Monday, March 22, 2010

Bright, Deardeer, and Kit


"The Fairy Tale Book" (later published as "The Golden Book of Fairy Tales"), translated by Marie Ponsot and illustrated by Adrienne Segur, was well-loved by myself and my sister growing up, and was my first non-Disney venture into the magical world of fairy tales. For more about the artist, check out Terri Windling's tribute.

I used to be fascinated with the tale of "Bright, Deardeer, and Kit," by Madame la Comtesse de Segur, and can't recall ever coming across it in my research. Going back and reading it with a different perspective was interesting.

It starts out very typical of fairy tale plots--beautiful and kind Princess (Bright) whose father (King Kind) remarries an jealous stepmother with a mean daughter. But this tale goes out of its way to emphasize the innocence of the father (his only request for his new wife was that she would be good to his little girl, and when he saw that Bright was unhappy he arranged that Bright "wouldn't see her often." Also, Bright's stepsister, Dark, isn't the typically ugly and cruel stepsister--she was "pretty, though less pretty than Bright," although she was mean.

Reminiscent of Snow White, the Queen (Rigid) bribes Bright's page into leaving her in the enchanted lilac forest. There, she befriends Deardeer and Kit, an enchanted deer and cat, who befriend her.

Another unique aspect of this tale--Bright wakes the next morning as a young lady, instead of a seven-year-old. " 'Today's your fourteenth birthday, child,' said Deardeer. 'You've slept an enchanted sleep for seven years. Kit and I wanted to spare you the tiresome part of growing and learning. We're taught you in your sleep. You've learned what an educated woman should know...' She [Bright] threw her arms around Deardeer's neck. 'What wonderful friends you are!' she said. 'No better present was ever given anyone.' "

Though we may disagree with the philosophy that the years from ages seven to fourteen are purely tiresome and worth skipping over, it makes a very interesting idea to entertain.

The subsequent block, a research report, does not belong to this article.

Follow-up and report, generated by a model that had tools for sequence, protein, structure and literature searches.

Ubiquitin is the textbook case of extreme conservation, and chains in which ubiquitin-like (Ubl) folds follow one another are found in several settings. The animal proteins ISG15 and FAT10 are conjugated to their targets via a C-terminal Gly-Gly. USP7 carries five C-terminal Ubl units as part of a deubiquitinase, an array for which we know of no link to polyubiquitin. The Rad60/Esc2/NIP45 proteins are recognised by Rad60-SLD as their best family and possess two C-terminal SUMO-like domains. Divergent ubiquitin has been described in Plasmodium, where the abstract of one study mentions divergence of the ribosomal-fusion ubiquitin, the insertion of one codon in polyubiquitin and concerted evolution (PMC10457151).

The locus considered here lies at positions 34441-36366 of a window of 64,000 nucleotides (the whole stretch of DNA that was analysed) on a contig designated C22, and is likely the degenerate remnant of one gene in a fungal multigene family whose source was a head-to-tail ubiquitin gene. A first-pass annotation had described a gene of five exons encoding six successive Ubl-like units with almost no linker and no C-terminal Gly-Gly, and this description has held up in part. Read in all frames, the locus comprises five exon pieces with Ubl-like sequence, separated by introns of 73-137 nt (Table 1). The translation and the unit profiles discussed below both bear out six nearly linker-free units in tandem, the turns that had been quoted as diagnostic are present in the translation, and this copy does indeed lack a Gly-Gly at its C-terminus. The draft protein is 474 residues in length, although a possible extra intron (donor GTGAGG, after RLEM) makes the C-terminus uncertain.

Bright lives happily with Deardeer and Kit, but is tricked by a parrot into disobeying Deardeer and picks an enchanted rose (rather reminiscent of Beauty and the Beast), and she finds the mansion destroyed and deardeer and Kit gone. However, after wandering around in the forest, an enchanted turtle instructs her to climb on his back and ride completely silently for half a year, which she does. This is another example of females having to endure silence for long periods of time, which never seems to happen to males. This fairy tale falls into many of the "misogynistic" patterns found in tales, yet it was written by a woman. Madame la Comtesse de Segur lived from 1799 to 1874-born the daughter of a Russian governor, she married a Frenchman. The Victorian period was so different from our own--I wonder if she wrote according to patterns to please her audience, or if she didn't even view things we now think of as misogynist as being demeaning.

Anyway, Bright obeys this time, and finally reaches the house of the Fairy Goodness, who gives Bright the key to a cupboard which contains the stretched out skins of Deardeer and Kit (this is the other image that really stuck with me from childhood). But, it turns out that viewing the skins was the only way to free Bright from enchantment, and the Fairy Goodness really was Deardeer, who marries King Kind in a double wedding with Kit, now a handsome Prince, and Bright.

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